Protection of the Rights and Liability of the States for Loss and Damage Caused to Citizens by Breaches of the European Community Law
On 8 May 2015, the Supreme Court of Cassation of the Republic of Bulgaria issued a ruling which specified the procedure for the protection of natural and legal persons and the liability of the state for loss and damage caused by breaches of the community law. The ruling establishes the procedure for the court to hear such cases. What has been known so far is that the relevant cases are to be brought to the competent national court and heard in accordance with the provisions of the national legislation.
In 1991, the Court of Justice of the European Communities ruled its judgment in the Case of Andrea Francovich and Danila Bonifaci and others v Italian Republic (joined cases C-6/90 and C-9/90). Two references for a preliminary ruling had been submitted by Italian regional courts with regard to Council Directive 80/987/EEC of 20 October 1980 on the approximation of the laws of the Member States relating to the protection of employees in the event of the insolvency of their employer. In its judgment, the Court upheld the principle that a State must be liable for loss and damage caused to individuals by breaches of Community law. Furthermore, the Court specifies the conditions for State liability. The State is liable for loss and damage, when there is Community law for which no implementing measures have been adopted within the prescribed period, its provisions are unconditional and sufficiently precise, the law entails the grant of rights of individuals, and there is a causal link between the breach of the State’s obligation and the loss and damage suffered by the injured parties.
There are subsequent judgments of the Court of Justice, pointing out the conditions for filing a claim against a State and emphasizing that Member States are liable for breaches of the Community law committed by the judiciary. In its case-law, the Court has ruled explicitly that the Community law is to be applied instead of the national law, where the latter excludes the State’s liability for loss and damage caused to individuals in breach of the Community law by a judgment of a national court of last instance.
Prior to 8 May 2015, Bulgaria did not have explicit provisions on how proceedings had to develop in cases brought against the State under Article 4(3) of the Treaty on the Functioning of the European Union. The lack of clarity led to disputes on the jurisdiction and disputes whether the claim had to be lodged under the State Liability Act or under the Obligations and Contracts Act. The procedure envisaged for the protection of citizens is quite relevant because, in the former case, the state fee is BGN 10 for natural persons and BGN 25 for legal persons, whereas the state fee is in the amount of 4 % of the value of the claim lodged under Article 49 of the Obligations and Contracts Act. The size of the state fee might prove prohibitive for the injured parties to exercise their rights.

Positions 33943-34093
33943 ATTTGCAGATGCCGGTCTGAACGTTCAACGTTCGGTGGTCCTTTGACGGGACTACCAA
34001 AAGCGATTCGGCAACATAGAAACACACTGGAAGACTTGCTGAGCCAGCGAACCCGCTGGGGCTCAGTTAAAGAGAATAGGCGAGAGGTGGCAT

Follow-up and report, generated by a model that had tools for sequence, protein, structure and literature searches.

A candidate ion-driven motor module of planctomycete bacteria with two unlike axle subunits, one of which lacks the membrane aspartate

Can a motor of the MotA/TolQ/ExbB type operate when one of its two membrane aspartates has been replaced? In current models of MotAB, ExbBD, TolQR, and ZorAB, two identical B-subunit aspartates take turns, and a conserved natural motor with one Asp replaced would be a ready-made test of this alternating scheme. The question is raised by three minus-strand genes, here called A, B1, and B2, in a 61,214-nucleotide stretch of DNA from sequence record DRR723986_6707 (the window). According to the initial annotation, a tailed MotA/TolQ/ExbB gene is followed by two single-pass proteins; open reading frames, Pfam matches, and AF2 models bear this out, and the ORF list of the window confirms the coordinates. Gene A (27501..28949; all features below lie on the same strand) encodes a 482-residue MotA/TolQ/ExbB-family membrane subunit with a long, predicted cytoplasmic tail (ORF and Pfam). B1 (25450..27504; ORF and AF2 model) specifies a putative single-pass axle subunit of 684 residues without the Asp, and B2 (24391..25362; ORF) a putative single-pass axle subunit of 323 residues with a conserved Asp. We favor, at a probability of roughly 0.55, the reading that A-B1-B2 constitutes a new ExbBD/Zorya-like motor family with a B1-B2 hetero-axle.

Cases have been brought to the Sofia City Court under Article 4(3) of the Treaty on the Functioning of the European Union and the litigation is still pending. One of those cases was dropped since the claimant had failed to pay the state fee in the amount prescribed by the court, claiming that the state fee was in the amount of BGN 25 and it had been paid at the time of the submission of the claim. After the failure to fulfill the instructions of the court, the action was terminated and the appellate court confirmed the termination ruling. Therefore the claimant, a legal person, filed a private cassation complaint. It pointed out to the Supreme Court of Cassation that it was necessary to establish the procedure for the claims under Article 4(3) TFEU, to give instructions on how claims lodged against the State for loss and damage caused by breaches of the Community law, and to specify the competent court.
The Supreme Court of Cassation has ruled on that complaint, stating that, under the Bulgarian laws, the State’s liability for loss and damage caused by breaches of the Community law under Article 4(3) TFEU has to be redressed under the Liability of the State and Municipalities Act. The Supreme Court of Cassation also upholds that it is an objective liability for which reparation is due for all pecuniary and non-pecuniary loss and damage resulting directly and immediately from the loss or damage. The existence of culpable behavior on part of the official is irrelevant.
The Court has stated that the cases have to be brought under the State Liability Act which contains special rules to facilitate the access to justice, i.e. minimal state fees in the amount of BGN 10 for natural persons and BGN 25 for legal persons. As a result, the Supreme Court of Cassation has repealed the attacked ruling of the appellate court that confirmed the termination of the legal action and has referred the case back to the Sofia City Court to continue the proceedings.
It is yet to be seen how these cases will be heard after the ruling of 8 May 2015 so that to assess whether they would constitute effective redress.